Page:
For memorial purposes, the NFFF considers a line-of-duty death (LODD) as that which occurs during an activity or action where a firefighter is obligated or authorized by various rule, agreement or other law to perform as part of the fire service he or she serves, and the action is legally recognized. Documentation must be shown to provide a direct link from the incident to injury and death. In the case of deaths resulting from heart attack or stroke, proof must be presented to show the victim’s participation in emergency response or training activities within the 24-hour timeframe before the cardiovascular event.

This is somewhat different than the USFA, which makes a special notation in annual firefighter fatality reports for those firefighters who are considered to be “Hometown Heroes.” Specifically, USFA fatality reports after 2003 make note of those victims identified as benefiting from the Hometown Heroes Survivors Benefit Act. This federal legislation—signed on Dec. 15, 2003, by then-President George W. Bush—presumes that a heart attack or stroke is “in the line of duty” if the firefighter was engaged in non-routine stressful or strenuous physical activity while on duty and the firefighter becomes ill within 24 hours after such activity.

Does PSOB Affect Determination?
The Public Safety Officers’ Benefits (PSOB) Act of 1976 was created to guarantee the provision of a one-time financial payment to eligible survivors of public safety officers whose deaths were a direct result of traumatic injury sustained in the line of duty, according to the USFA. Although this doesn’t necessarily impact firefighter fatalities counted by the USFA, the NFFF does have criteria regarding the PSOB Act and memorial inclusion.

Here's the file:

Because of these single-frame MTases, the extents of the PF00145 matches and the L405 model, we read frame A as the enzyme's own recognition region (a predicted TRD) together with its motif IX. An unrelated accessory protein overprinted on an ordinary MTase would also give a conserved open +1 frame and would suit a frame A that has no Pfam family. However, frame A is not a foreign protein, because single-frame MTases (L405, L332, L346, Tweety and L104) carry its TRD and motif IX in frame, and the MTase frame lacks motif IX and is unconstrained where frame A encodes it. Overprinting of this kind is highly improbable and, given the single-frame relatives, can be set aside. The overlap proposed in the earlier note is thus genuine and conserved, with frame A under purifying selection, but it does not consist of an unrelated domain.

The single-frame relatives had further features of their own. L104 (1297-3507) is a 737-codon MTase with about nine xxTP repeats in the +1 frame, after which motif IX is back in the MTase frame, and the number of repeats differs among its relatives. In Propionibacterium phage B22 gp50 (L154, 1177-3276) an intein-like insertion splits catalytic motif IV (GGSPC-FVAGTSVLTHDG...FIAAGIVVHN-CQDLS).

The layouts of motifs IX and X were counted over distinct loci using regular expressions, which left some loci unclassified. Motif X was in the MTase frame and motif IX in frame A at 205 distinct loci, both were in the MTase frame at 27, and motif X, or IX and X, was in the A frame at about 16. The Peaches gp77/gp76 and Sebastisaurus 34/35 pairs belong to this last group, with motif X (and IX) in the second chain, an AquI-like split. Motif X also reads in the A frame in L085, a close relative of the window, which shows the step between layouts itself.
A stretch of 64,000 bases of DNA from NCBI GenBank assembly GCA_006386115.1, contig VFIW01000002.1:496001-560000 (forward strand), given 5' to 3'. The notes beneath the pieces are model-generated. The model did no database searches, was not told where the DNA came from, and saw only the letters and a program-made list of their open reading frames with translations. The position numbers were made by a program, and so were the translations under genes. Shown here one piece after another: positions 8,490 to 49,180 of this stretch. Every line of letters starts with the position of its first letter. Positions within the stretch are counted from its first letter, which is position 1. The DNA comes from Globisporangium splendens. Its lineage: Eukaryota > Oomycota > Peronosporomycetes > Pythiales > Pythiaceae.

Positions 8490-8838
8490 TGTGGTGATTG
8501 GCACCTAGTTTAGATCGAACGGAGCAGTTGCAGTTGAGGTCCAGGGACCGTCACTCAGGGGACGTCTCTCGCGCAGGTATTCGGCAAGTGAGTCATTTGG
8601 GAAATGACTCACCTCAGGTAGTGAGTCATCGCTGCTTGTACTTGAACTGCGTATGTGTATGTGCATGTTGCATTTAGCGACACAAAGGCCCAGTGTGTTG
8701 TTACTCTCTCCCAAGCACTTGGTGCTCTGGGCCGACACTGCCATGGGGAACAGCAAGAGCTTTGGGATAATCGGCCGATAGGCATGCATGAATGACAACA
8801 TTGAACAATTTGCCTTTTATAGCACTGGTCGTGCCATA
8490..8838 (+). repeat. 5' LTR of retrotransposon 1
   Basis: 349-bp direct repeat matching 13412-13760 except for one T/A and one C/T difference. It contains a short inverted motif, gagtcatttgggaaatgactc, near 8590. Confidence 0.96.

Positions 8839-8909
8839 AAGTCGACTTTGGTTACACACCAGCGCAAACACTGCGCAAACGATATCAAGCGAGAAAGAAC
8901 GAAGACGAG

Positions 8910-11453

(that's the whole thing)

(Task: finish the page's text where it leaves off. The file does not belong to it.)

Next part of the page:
The NFFF abstains from deciding on memorial eligibility until the PSOB program makes a determination if the death is:
•    One where the victim is under 18 years of age.
•    The death occurred while the victim was engaged in a non-emergency fire department duty.
•    The death is attributed to cancer or other disease or infection.
•    The death occurred during the victim’s commute to or from an assignment.
•    A report of alcohol or controlled substance use is involved in the death.

When a claim has been filed with the PSOB program, the NFFF will hold the case until a decision is rendered. If the claim is denied, then the victim will be ruled ineligible for inclusion on the national memorial.

The NFFF also identifies specific causes of deaths that exclude firefighters from memorial consideration: deaths attributed to suicide, alcohol or controlled substance abuse, and deaths resulting from the victim acting in a grossly negligent manner. There are other specifics and criteria used by both the USFA and the NFFF in determining eligibility into their respective accounts in cases such as deaths from previous years, delayed reporting or other causes of death that are individually weighed by the respective programs.

In Conclusion
For the average firefighter, it is important to know the differences in how the USFA and the NFFF identify and honor fallen firefighters so that when the discussion begins on a given year’s number of deaths, we are comparing like numbers year-on year. No firefighter fatality should be forgotten, but we should all understand the differences in the way they’re identified and honored.